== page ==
Wednesday, November 5, 2014

Surviving the Death of a Sibling

The Rogers Gang
Mary, Ann, Hartley, John and Jim up front

Mom and Dad often remarked that their greatest accomplishment was raising five kids who are best friends with each other. Growing up in this gang was exciting, edgy, sometimes volatile, and always full of hilarity. Fights didn’t last past the bark, the push/shove, or the thrown rock. Because, well, when the rock hit the head and the head bled, we tried to cover it. “He tripped and fell.” Unfortunately, the doctor who stitched it up said “No way. This isn’t from a fall, it’s from a thrown rock.” Dad said that the five of us played “constantly shifting alliances.” See, everyone was best friends with each other, but not *all* the time. The alliances could shift multiple times in one day. It was an idyllic childhood in many ways.

When I got a call at work on the afternoon of November 5, 2010, the words on the other end of the line, “Jim’s dead” changed my family forever. For my Mom to lose her youngest child and for my siblings and me to lose our loyal, adorable brother brought unspeakable pain. Part of me wishes to forget some of those early moments--rushing to the hospital, seeing my Mom, saying goodbye to Jim’s precious body surrounded by a golden white aurora, calling siblings, the uncontrollable sobbing, the utter disbelief. But if I did forget, I’d lose a part of me.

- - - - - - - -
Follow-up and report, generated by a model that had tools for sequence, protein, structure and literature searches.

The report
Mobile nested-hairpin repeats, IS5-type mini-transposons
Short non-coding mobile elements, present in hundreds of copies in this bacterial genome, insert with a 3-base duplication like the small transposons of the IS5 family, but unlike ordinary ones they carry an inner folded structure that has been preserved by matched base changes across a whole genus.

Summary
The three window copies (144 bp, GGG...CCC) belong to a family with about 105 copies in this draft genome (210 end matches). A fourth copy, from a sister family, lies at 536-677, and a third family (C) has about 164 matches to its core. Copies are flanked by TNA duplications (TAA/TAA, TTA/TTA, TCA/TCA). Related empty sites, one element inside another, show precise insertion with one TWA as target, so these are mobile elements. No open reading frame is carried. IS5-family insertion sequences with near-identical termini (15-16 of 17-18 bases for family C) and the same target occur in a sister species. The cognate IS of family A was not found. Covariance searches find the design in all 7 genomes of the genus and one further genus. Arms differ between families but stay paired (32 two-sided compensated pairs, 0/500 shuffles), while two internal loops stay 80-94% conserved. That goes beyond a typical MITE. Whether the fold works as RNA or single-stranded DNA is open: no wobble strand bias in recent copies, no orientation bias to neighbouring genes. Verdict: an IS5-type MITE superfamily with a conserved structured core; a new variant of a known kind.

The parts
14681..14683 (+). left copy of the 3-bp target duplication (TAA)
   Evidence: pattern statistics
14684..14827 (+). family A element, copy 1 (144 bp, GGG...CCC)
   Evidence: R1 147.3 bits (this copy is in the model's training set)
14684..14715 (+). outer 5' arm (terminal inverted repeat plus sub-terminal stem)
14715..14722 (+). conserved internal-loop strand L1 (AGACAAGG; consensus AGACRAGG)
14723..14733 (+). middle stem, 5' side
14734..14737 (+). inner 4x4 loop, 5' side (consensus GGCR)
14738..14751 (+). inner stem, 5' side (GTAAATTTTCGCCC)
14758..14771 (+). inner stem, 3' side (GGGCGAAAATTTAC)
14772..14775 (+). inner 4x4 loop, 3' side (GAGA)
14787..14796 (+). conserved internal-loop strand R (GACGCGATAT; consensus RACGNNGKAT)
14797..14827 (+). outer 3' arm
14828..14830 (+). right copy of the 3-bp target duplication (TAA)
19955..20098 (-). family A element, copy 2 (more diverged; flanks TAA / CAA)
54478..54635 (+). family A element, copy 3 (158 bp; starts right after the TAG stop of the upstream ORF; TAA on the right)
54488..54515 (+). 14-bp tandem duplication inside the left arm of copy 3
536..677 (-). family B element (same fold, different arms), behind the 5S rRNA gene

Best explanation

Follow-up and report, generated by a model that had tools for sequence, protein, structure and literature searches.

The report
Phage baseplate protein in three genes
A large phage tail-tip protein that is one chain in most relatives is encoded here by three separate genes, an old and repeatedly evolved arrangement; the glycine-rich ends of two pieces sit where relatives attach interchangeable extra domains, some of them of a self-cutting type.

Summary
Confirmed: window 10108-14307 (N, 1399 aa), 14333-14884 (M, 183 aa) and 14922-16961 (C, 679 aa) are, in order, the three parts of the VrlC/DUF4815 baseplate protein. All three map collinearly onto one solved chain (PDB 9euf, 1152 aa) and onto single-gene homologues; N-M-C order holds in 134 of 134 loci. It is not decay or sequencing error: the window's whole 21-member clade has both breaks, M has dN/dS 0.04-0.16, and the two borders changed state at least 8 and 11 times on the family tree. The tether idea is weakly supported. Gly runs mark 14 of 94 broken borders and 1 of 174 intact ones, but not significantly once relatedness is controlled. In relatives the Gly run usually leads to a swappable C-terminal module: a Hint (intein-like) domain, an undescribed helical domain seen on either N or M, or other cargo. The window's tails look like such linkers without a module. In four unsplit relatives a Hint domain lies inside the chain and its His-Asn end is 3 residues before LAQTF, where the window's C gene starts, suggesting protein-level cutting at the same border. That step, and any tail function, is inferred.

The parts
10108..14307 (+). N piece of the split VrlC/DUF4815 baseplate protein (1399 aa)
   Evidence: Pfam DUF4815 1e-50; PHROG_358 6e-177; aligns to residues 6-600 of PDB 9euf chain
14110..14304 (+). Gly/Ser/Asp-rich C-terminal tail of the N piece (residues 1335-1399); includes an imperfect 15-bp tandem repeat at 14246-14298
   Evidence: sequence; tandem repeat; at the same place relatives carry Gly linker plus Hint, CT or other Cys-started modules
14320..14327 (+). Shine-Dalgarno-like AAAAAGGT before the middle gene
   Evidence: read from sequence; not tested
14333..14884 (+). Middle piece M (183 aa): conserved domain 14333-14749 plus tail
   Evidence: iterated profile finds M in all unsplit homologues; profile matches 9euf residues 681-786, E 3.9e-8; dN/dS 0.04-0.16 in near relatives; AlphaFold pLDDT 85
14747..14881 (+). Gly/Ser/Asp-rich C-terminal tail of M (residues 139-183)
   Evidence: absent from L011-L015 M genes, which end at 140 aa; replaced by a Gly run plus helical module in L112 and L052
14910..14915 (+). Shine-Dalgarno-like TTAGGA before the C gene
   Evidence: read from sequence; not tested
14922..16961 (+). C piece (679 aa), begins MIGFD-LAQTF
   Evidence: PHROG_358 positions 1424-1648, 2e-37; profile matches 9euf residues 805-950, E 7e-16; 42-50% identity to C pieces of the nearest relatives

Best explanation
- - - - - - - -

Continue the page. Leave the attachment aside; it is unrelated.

Surviving Jim’s death has been a process, one that will never be complete. Jim is never far from our minds. We talk and laugh about him. We acknowledge (sometimes with tears, sometimes with a big grin) when we miss him, perhaps on vacation or for a big event. But mostly, the missing, the aching missing, is just from every day living. “Jim would have loved this.” “Jim should be here, he’d be doing xxx.” In all reality, Jim isn’t gone. He’s with us all the time. That’s how I’ve survived four rocky years of a grief that still has not settled into a “new normal.” It will, it moves in that direction. But I will never get over it, I’ll just survive.

The late Elizabeth Edwards wrote this about losing a child. Anytime a friend tells anyone of us a “Jim Story,” it is a precious thing. It keeps him alive.

“If you know someone who has lost a child, and you're afraid to mention them because you think you might make them sad by reminding them that they died--you're not reminding them. They didn't forget they died. What you're reminding them of is that you remembered that they lived, and that is a great gift.” 
~ Elizabeth Edwards~

This is most likely the last picture of the five of us together.
Ann, Jim, Hartley, John, Mary